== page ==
Can I just say how happy/relieved I was to see this posted up by BookEnds Agent Jessica Faust?
In all the months I’ve been querying agents, I’ve usually found that their submission guidelines were pretty fair and well thought out. I know that their job is tough. I know that the slush pile is never ending. I know that the time they have to offer towards aspiring writers is limited and their already-acquired-clients take precedence, as they should. I know, I know I know, I know, I KNOW!!!
However, I’ve come across a stipulation on some agent blogs that, at first, made my brow furrow. I’d submit anyway.
As time goes by, rejections come in and the hunt for a love connection continues. I come across the same agencies, the same stipulation and the frown turns into a grimace.
What is this stipulation, you ask?
It’s the ‘If you receive a rejection, please do not query another agent at this agency with the same project. A ‘no’ from one is a ‘no’ from all.’
Now, I can understand not querying two agents within the same agency simultaneously. That’s just common courtesy.
Nor do I believe that you should query the same project in its current state to another agent within the agency as soon as you receive your rejection. I’d take a good look at your project and the query letter when you receive a certain number of rejections before even considering resubmitting it anywhere.
And I absolutely agree you’ve got to do your research and know who you’re targeting. However, if that agent passed on the project a couple months ago and your ms has since seen some substantial renovations- shouldn’t you be able to submit it to a different agent within the agency who might be better suited? Especially if there are two or more agents with similar pasts and preferences and it was a hard choice to begin with as to which one to query.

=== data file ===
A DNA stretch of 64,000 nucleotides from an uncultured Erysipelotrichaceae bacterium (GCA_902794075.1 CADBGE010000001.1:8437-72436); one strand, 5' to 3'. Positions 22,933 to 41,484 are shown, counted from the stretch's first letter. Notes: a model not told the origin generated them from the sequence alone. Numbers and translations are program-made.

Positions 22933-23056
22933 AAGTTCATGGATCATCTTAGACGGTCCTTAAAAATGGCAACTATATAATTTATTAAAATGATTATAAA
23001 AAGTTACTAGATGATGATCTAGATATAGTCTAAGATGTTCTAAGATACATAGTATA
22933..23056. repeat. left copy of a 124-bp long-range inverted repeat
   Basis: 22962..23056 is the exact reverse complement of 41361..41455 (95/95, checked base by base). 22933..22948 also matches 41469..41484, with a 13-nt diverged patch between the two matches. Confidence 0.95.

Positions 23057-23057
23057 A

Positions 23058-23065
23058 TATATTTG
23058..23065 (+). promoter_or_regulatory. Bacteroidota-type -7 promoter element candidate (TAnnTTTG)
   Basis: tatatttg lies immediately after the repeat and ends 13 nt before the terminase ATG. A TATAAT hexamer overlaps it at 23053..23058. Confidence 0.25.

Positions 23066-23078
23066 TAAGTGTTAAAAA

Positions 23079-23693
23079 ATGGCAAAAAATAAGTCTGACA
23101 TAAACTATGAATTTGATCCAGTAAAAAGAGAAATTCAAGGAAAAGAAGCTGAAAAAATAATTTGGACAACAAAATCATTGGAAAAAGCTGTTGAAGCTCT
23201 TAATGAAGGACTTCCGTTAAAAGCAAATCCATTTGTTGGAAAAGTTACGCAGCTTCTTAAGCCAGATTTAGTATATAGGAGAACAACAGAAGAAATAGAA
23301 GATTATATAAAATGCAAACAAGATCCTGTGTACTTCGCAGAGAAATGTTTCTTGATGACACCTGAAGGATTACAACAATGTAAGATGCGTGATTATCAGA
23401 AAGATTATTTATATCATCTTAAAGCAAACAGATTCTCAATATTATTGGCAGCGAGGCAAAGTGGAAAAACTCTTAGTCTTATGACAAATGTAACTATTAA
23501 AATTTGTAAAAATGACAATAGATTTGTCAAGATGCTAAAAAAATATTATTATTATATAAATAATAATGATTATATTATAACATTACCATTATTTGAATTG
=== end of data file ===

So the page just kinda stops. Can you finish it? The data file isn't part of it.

When one agent rejects a project, they say it could be for a variety of reasons but the one that they most often address is that ‘it’s a matter of falling in love with the idea and then the project itself.’ Now, if we all fell in love with the same kind of man, Jude Law would have to buy stalk in restraining orders. (Okay, maybe does….But you know what I’m trying to say.)
Most agencies and rejection letters say something along the lines of ‘This is a highly subjective business and another agent may feel very differently.’
If this business is indeed subjective than how can one agent decide for everyone in their agency whether or not a project is worth looking at? Do they have some kind of Avatar mind meld that we know nothing about?? Or perhaps they consider it’s the price we must pay for having chosen the wrong agent to query within their agency to begin with.
I myself find it hard to believe that of the five to twenty different agents working for the same agency- each and every one of them look at a cup and see it half empty. That all of them agree the grass is greener on the other side and that the whole third floor is convinced that the Mona Lisa follows you with her eyes.
I thought the thing agents take most pride in is their ability to see something in a project and a writer. To be the first to see it. To discover something. To help create a final product that will touch the numbers. To explore strange new worlds. To seek out new life and new civilizations. To boldly go where no man has gone before…
In order to do this, they’ve got to have their own mind, their own eye, their own pasts, preferences, and ideas. I think refusing to look at a project because another agent in their agency has R-ed it is not only unfair to the querier, but unfair to themselves.
Just my two cents. **Creepy steps down from the overturned laundry basket**. Thank you all for coming. Pamphlets are by the door. Next meeting’s at the Hank’s Dairy Bar parking lot. Your golden coins will vibrate if I need you.